Jean-Marie Pallardy (director)
25 May 2020 (released)
23 May 2020
In the very interesting interview with director Jean-Marie Palladry in the extras section of the White Fire Blu-ray he’s frank about having directed hard and soft porn. The evidence of the softer side of his work is obvious in some scenes in which Ingrid (Belinda Maybe) swims and showers nude. They are gratuitous and purely for titillation and not balanced up by the actor giving as good as she gets in the punch-ups during the film. This, the stodgy dialogue, dubbing, stilted fights scenes seal the film in a celluloid amber of scuzzy 1980’s exploitation.
A family being chased by soldiers opens the film with mother and father being murdered with only brother and sister (Ingrid and Bo) surviving. Shifting forward 30 years to Turkey Ingrid is now working in a diamond mine from which she is stealing the gems and with her brother Bo (Robert Ginty) selling them on. A deal goes off-piste when another player Sofia (Mirella Banti) wants to get in on the action as a client with Inga and Bo doing the dirty work. In the meantime a miner finds the fabled White Fire diamond (which is radioactive) he inadvertantly alerts the villains and is murdered for his trouble
Tragedy strikes the thieves though an opportunity presents itself and you don’t need to be watching to closely to pick up that this presents an icky and perverse silver lining for Bo. However his plans are disrupted by the arrival of Noah (Fred Williamson) who is searching for a missing prostitute who in her pursuit gets caught up with the quest for the White Fire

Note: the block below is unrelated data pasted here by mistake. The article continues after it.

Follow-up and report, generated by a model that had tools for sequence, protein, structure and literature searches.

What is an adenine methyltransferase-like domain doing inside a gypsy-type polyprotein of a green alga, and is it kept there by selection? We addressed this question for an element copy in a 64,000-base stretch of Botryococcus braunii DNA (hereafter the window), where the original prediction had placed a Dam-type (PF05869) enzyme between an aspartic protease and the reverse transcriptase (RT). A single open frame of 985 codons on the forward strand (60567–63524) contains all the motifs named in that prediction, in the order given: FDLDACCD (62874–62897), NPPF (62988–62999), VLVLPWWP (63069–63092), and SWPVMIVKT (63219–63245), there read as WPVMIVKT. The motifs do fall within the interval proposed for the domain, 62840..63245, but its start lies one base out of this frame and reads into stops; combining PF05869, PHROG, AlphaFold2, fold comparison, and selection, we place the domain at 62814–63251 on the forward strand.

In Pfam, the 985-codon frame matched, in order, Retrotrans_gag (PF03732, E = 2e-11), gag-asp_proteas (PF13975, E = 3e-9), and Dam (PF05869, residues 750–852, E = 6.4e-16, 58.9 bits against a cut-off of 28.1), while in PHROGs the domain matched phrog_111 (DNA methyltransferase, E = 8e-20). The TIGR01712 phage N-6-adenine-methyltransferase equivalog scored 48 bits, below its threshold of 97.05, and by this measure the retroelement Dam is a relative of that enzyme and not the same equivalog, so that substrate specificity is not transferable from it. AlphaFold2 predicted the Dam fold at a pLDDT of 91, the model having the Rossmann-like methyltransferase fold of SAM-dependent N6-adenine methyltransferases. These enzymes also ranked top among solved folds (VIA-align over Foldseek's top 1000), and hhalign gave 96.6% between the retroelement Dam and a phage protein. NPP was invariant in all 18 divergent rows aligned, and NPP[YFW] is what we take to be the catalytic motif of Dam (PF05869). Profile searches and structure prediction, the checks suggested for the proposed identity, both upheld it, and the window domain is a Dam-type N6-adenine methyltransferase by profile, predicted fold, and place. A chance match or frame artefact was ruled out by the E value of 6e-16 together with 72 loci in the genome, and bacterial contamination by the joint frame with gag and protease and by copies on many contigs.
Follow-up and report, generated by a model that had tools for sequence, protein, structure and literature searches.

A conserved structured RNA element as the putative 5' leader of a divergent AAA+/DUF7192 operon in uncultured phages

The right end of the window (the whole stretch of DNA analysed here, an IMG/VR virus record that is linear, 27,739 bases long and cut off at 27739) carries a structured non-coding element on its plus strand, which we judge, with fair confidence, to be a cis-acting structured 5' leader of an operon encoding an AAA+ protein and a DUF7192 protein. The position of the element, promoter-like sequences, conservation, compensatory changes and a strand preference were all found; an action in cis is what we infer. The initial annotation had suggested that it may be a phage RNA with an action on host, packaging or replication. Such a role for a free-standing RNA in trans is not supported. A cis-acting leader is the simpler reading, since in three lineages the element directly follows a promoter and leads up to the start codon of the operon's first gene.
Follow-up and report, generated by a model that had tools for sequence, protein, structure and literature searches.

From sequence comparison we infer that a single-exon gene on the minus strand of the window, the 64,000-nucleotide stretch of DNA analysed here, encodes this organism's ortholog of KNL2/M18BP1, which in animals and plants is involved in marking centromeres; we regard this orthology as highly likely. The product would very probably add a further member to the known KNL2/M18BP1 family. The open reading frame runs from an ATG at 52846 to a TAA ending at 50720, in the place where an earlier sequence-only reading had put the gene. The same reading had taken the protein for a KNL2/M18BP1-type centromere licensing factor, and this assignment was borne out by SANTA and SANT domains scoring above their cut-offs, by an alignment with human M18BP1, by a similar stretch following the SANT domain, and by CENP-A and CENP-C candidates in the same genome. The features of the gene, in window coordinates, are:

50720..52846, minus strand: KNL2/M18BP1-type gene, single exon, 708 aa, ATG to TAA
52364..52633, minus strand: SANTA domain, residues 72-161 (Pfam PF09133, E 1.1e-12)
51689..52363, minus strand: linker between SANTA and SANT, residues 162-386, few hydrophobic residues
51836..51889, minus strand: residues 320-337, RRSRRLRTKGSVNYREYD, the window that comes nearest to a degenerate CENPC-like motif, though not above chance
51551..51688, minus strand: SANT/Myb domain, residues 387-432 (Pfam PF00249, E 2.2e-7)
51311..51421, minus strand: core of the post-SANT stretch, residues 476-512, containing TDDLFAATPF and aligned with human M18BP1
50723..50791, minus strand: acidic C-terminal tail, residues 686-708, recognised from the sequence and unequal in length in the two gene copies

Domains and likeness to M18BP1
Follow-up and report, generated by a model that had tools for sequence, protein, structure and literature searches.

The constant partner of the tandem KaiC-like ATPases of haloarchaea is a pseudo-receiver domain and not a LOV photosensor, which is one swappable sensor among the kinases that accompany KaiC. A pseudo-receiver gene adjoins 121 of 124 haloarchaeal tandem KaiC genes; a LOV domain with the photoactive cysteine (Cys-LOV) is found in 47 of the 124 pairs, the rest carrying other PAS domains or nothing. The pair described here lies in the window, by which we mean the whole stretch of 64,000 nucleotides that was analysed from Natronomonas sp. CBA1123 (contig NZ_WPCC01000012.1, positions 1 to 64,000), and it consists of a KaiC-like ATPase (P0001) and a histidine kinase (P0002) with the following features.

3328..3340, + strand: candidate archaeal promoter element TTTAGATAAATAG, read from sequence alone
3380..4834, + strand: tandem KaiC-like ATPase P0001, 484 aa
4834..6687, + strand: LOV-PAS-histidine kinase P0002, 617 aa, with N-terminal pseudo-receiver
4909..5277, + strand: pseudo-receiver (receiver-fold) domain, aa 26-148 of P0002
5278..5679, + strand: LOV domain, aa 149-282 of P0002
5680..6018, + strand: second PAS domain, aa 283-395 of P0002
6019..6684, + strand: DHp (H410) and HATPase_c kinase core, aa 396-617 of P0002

White Fire is not bad per-se as for all the ludicrous elements of the plot there’s a passable film here albeit quite a trashy one. The main problem is the languid pacing which makes it feel a lot longer than its modest running time and feels padded. It’s accompanied by a vaguely proggy score which was overseen by musical director Jon Lord. Though he’s not responsible for the theme song (that’s Limelight) which some may well develop a Pavlovian response to its played so often.
The loose direction is obvious when viewers spot non-actors stroll past the actors in the middle of a fight on the docks. It also gives it a lumpier vibe whereas the bright locations invite a breezy zippier ambience that the excellent transfer just cries out for. The actors meanwhile don’t appear to be particularly challenged by their roles other than Fred Williamson who is positively revelling in his.
SPECIAL EDITION CONTENTS
• High Definition (1080p) Blu-ray presentation
• Original Mono audio
• Optional English subtitles for the deaf and hard of hearing
• Feature length audio commentary by critic Kat Ellinger
• Surviving The Fire: a brand new interview with writer-director Jean-Marie Pallardy
• Enter The Hammer: a brand new interview with actor Fred Williamson
• Diamond Cutter: a brand new interview with editor Bruno Zincone
FIRST PRESSING ONLY: Illustrated collectors' booklet featuring new writing on the film by film historian and author Julian Grainger